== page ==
It’s fair to say that not everyone gets chance to access their own personal facialist, but yes, we’re pretty good to you here at RIH. Anti-ageing queries or acne concerns? Fine lines or under-eye circles? Each month, we give you the chance to put your questions to celebrity facialist and skincare expert Teresa Tarmey

using retinol anti ageing

I keep hearing about retinol and honestly it seems like there’s so much confusion and conflicting advice that I don’t know where to start. I’m 29 and starting to have some fine lines on my forehead and around my eyes, so I think retinol sounds like it might be a good idea. What do you advise?

Retinol has to be one of my favourite skincare products on the market – if you’ve not heard of it before, it’s a topical Vitamin A-based product which can be bought over the counter. Retinol has many benefits for the skin, basically acting as an exfoliator on a very high speed – and when I say exfoliator I don’t mean the same effect that you would get from a peel or a glycolic acid-based product. Not everyone – but most people – will slightly peel from retinol which in this case is taking away the dead skin as the same time as all the other amazing benefits. Put simply, retinol increases the cell turnover, resulting in fresher, brighter and more evenly-toned skin. I would never advise anyone under the age of 18 to use retinol, as their skin might be too sensitive, but it has great benefits for anyone 18+ that suffers from acne, plus it has fantastic anti-ageing benefits for anyone aged 30+.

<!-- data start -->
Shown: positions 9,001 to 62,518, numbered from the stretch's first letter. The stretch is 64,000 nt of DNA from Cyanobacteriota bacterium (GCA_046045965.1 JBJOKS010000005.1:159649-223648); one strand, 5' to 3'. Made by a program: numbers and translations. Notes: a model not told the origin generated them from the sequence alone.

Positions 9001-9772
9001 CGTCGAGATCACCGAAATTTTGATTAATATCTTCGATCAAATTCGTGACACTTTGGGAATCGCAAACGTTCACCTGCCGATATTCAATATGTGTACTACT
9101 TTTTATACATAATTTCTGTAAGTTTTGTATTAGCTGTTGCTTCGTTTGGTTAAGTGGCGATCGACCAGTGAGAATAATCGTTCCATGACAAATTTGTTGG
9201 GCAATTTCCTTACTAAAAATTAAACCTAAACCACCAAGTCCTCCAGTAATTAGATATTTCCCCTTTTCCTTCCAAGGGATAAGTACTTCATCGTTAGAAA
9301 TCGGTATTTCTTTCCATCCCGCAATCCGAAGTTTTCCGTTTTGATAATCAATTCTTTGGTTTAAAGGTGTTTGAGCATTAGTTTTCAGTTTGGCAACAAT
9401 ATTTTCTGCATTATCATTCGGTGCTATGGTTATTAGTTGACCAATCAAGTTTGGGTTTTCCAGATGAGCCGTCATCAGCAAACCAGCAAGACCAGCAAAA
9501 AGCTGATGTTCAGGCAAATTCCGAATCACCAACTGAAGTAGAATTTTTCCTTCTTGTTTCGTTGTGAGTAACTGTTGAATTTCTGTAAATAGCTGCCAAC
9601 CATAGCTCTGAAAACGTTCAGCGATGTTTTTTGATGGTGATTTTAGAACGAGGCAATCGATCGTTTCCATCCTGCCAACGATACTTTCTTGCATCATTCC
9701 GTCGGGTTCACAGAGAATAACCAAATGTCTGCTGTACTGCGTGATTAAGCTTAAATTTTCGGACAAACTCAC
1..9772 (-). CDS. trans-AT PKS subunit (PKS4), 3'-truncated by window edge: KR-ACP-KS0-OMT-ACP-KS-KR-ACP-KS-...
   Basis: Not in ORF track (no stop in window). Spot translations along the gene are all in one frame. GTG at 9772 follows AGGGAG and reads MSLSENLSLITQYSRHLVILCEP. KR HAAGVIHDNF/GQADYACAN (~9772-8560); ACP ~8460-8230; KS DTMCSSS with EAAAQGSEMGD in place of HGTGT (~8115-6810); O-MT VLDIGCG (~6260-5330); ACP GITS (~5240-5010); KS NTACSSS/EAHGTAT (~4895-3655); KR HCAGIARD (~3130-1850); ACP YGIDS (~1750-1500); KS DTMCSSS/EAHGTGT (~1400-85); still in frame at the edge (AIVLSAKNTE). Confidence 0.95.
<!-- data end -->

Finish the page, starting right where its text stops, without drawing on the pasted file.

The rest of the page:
retinol skincare tips

As retinol makes the skin more sensitive, I would recommend always using an SPF, or a moisturiser that has an SPF in it. Retinol is suitable for all skin types, but I would still advise you to start by testing a small area before applying it to your whole face.

Product-wise, I personally love Aestheticare as it’s a gentle retinol that over time gradually builds up the percentage. I would get advice on the best way to use it for your skin type and always make sure to ask about the potential of peeling and skin sensitivity. I recommend starting with a low percentage such as 0.3% – 0.5% 2-3 times per week and gradually increasing. Once the skin can tolerate retinol, you can use every night after cleansing. And once your skin gets used to the percentage, you can creep up to the next strength and so on. I would recommend using it in the evening – simply let the product soak into the skin first and then apply your usual products whether that’s a serum or a night cream.

 

Got a skincare question? Fill in our form with full details and you might have the chance to have Teresa Tarmey answer your question next month! For more information on Teresa, see her website.